Green Tech Isn’t Dead – And Here’s Why You Need To Embrace It


Green Tech Isn’t Dead – And Here’s Why You Need To Embrace It

Huckletree’s Dublin D2 location.

  • Coworking spaces need to retain their focus on sustainability to be competitive
  • Sustainability is no longer just about green issues, it needs to add value to stakeholders
  • Operators need to take a wide range of factors into consideration to achieve this

Ten years ago, we all seemed to be measuring our carbon footprints. Today, it’s hard to find a headline that mentions “green IT” or an “eco-friendly office”.

So, what happened? Did we stop caring about the environment? No. Many coworking spaces still take their commitment to sustainability very seriously. For example, workspace operator green desk uses a mixture of renewable and traditional energy sources to power each of its buildings, implements recycled and green products and has reduced its lighting energy usage by 75% thanks to LED and CFL bulbs.

Coworking operator Huckletree has also implemented an onsite plastic policy where it has completely eliminated plastic straws. It is asking its suppliers to do the same and avoid supplying any plastic plates, straws or cutlery on its premises.

Aislinn Mahon, general manager at Dublin coworking space Huckletree D2, said: “We are also partnering with green tech groups including Startup Weekend Sustainability to host a weekend long hackathon for startups building solutions to better our planet.”

In fact, going green is still viewed by some operators as a priority. For example, over in London’s Shoreditch district, coworking space 42 Acres pushes its eco-friendly ethos to the forefront of its messaging and The Office Group and Sterling Offices both use their stance on sustainability to their competitive advantage.

Going Green the Right Way

There has been a paradigm shift in recent times where sustainability isn’t seen as an accolade but a necessity for a flexible space to boost its bottom line and strengthen its overall community.

Paul Sutcliffe, founder and director at EVORA Global, said: “Sustainability is no longer just about energy, carbon or green issues (although these topics are still important). In my view, a sustainable building must add value to all stakeholders.”

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EVORA is a sustainability consultancy and software provider in the real estate market that works with building owners, operators and occupiers to assess and improve the sustainability performance of their spaces.

However, the sustainability requirements of coworking/flexible work buildings differ from traditional offices, according to Sutcliffe, because of the flexible way in which the spaces are used: “In typical office environments, it is easy to predict and understand how space will be used; staff will arrive at a certain time, have breaks at the same time and leave at the end of the working day.”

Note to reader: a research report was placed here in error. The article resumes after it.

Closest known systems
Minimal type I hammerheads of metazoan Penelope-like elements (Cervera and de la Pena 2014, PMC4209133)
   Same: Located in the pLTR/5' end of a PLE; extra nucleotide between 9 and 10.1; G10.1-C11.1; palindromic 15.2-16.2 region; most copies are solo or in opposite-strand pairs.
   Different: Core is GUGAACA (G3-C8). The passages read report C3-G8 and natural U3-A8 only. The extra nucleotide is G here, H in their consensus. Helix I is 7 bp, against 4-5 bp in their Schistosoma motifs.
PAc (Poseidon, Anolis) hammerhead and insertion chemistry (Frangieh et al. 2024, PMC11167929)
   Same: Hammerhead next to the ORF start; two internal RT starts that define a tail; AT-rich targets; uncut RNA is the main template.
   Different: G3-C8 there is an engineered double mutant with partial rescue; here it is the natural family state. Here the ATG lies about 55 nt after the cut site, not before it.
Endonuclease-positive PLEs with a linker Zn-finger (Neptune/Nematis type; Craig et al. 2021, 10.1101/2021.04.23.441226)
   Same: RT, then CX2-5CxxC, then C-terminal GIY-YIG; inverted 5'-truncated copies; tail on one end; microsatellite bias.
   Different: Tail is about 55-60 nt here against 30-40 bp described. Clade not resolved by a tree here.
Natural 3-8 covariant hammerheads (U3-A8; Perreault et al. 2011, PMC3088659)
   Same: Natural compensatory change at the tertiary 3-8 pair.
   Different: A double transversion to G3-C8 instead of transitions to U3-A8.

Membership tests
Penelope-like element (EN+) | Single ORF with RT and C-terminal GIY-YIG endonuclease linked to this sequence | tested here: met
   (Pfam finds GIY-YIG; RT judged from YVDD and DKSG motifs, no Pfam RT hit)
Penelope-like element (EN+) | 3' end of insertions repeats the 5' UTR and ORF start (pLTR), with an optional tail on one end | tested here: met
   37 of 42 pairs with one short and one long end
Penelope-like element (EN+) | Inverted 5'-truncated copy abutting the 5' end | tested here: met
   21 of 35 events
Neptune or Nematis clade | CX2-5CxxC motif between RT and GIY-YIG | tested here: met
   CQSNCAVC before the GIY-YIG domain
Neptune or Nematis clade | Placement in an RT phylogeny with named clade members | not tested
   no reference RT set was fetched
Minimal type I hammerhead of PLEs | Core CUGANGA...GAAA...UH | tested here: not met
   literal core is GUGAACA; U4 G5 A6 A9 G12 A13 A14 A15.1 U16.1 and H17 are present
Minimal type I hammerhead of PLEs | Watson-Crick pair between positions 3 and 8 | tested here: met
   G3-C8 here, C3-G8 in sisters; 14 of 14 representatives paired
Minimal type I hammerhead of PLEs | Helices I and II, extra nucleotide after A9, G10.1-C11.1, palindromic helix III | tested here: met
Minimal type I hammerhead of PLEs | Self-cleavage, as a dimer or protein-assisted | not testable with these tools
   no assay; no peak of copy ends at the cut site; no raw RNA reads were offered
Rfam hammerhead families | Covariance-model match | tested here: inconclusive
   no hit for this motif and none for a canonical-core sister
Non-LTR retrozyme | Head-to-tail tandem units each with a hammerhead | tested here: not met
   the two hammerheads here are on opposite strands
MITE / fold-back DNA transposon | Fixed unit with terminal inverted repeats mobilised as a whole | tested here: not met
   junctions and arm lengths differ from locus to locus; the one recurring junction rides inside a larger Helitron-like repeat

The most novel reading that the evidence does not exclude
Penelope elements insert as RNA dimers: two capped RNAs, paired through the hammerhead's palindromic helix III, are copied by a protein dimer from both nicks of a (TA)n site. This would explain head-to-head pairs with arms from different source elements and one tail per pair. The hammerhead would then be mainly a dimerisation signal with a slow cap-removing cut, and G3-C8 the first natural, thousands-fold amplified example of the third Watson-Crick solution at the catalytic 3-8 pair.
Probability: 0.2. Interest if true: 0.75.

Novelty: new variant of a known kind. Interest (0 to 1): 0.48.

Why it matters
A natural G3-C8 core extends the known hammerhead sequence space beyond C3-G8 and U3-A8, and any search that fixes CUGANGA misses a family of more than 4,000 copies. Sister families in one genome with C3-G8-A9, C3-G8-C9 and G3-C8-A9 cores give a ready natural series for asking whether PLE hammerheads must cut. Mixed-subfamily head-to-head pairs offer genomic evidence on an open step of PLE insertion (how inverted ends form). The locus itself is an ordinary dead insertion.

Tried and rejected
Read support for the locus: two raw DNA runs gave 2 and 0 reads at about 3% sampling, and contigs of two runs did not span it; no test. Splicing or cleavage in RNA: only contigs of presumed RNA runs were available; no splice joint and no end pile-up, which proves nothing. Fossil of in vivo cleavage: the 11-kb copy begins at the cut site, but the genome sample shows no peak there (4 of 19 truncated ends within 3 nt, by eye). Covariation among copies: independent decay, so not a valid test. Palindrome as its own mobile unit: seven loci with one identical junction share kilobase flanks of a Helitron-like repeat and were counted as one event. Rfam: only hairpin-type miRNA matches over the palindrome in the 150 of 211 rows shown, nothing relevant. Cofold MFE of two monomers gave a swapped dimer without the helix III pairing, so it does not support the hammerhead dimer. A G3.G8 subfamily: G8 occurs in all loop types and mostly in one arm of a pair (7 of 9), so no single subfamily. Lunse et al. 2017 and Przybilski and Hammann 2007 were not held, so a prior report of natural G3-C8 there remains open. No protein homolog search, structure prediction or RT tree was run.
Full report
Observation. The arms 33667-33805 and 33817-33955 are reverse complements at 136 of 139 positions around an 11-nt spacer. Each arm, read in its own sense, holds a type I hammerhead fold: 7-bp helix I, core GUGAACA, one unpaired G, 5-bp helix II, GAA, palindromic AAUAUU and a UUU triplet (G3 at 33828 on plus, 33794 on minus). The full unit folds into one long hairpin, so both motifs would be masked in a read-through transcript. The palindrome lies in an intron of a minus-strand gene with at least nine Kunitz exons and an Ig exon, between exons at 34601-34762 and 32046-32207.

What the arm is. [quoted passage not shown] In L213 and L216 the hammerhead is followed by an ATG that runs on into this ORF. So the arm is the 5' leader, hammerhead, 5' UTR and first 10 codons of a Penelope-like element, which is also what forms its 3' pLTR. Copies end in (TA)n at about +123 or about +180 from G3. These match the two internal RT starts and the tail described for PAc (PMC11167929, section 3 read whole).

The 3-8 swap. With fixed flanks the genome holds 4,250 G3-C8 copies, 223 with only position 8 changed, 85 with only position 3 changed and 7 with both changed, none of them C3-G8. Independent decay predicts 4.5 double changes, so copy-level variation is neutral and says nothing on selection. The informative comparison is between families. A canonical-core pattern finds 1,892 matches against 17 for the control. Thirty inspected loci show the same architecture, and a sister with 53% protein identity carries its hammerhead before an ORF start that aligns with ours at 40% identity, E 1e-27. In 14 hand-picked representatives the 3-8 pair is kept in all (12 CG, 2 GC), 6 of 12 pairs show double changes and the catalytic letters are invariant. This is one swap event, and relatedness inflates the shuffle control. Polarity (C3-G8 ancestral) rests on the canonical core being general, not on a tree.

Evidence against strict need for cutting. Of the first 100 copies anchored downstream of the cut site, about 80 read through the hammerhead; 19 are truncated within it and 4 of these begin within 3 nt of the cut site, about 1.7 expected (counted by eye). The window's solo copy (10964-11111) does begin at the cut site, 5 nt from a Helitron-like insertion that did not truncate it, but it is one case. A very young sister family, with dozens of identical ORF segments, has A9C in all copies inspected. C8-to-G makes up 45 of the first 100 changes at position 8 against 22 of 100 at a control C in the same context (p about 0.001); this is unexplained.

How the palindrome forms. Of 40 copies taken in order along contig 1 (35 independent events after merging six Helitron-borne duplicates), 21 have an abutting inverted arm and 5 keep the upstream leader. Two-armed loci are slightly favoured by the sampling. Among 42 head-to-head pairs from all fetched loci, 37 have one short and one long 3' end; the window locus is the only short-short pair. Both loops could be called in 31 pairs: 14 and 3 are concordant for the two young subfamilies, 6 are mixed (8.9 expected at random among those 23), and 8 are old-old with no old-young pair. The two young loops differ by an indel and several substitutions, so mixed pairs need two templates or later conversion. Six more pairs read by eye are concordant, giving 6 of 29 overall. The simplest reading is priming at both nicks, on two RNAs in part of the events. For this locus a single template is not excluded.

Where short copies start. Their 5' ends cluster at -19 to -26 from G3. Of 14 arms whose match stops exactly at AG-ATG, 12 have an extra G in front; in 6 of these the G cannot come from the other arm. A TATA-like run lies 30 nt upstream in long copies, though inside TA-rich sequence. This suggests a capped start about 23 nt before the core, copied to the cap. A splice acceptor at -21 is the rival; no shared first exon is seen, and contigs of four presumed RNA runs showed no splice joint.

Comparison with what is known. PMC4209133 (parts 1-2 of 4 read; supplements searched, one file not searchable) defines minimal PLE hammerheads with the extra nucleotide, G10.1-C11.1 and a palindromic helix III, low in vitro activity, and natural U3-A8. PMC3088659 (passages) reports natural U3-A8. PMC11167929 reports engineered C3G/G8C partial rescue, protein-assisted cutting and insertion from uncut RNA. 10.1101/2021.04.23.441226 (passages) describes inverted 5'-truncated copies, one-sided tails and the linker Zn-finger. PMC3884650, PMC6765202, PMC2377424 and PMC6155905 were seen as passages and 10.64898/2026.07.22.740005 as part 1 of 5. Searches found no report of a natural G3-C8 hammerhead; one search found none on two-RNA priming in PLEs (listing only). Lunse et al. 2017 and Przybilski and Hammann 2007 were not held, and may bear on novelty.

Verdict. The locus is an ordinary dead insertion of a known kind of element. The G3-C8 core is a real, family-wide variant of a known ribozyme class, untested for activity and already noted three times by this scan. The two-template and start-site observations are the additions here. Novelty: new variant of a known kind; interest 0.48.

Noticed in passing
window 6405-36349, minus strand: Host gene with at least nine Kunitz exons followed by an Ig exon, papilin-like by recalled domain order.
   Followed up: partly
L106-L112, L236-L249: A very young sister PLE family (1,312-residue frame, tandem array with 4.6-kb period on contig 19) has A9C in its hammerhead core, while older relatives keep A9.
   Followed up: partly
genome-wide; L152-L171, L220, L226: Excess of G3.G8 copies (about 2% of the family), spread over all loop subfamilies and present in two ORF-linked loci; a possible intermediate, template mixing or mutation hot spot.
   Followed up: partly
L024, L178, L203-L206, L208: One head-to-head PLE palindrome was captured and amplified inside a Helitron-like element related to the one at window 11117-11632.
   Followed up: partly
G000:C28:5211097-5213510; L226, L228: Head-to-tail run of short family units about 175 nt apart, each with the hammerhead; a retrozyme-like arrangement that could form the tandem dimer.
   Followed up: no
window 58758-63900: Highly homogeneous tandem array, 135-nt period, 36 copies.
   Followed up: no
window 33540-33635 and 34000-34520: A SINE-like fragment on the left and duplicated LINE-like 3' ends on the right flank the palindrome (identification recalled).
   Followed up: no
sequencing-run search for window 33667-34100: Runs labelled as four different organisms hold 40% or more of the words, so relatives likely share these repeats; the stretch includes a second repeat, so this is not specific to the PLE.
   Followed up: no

“If this information is understood then it is straightforward to optimise the building plant and equipment (heating and cooling) set-up. The flexibility needed to run a coworking space, with 24 hour access and use, can lead to higher energy consumption and costs.”

“All inclusive license costs to building users also disguise the cost impact of energy to the end user, so sustainability impacts and associated costs can often be hidden. However, this provides a great opportunity to operators of coworking/flexible work buildings to work on their margins through optimising building operation efficiency,” he added.

So, how can coworking and flexible workspaces increase their green credentials? Sutcliffe said: “At a practical level – by engagement, from landlords, to operators and users. Everyone needs to understand how their building works.”

“Controls used to manage provision of heating and cooling can then be optimised. Establishment of building user working groups to share ideas, progress and to collect feedback are good practice. We find that tracking energy usage in near-real time, through our software platform SIERA, provides operators with the management information they need to eliminate wastage and improve efficiency,” Sutcliffe added.

So, what does a sustainable building look like? Putting specific accreditations aside for now, Sutcliffe recommends a green workspace:

  • Is resilient to climate change and external factors, and adaptable for different users
  • Understands its sustainability performance
  • Has energy monitoring and targeting programmes in place to ensure performance is optimised
  • Considers health and wellbeing (with an excellent internal environment to aid occupant comfort and productivity)
  • Ensures its occupiers and users are engaged and involved in building wide sustainability.

There’s still a long way to go across the whole real estate industry, not just within flexible workspaces, according to Sutcliffe, who added: “Going forward, I think coworking and flexible workspaces will continue to improve their understanding and approaches to sustainability. In truth, I think we have only just touched the surface.”

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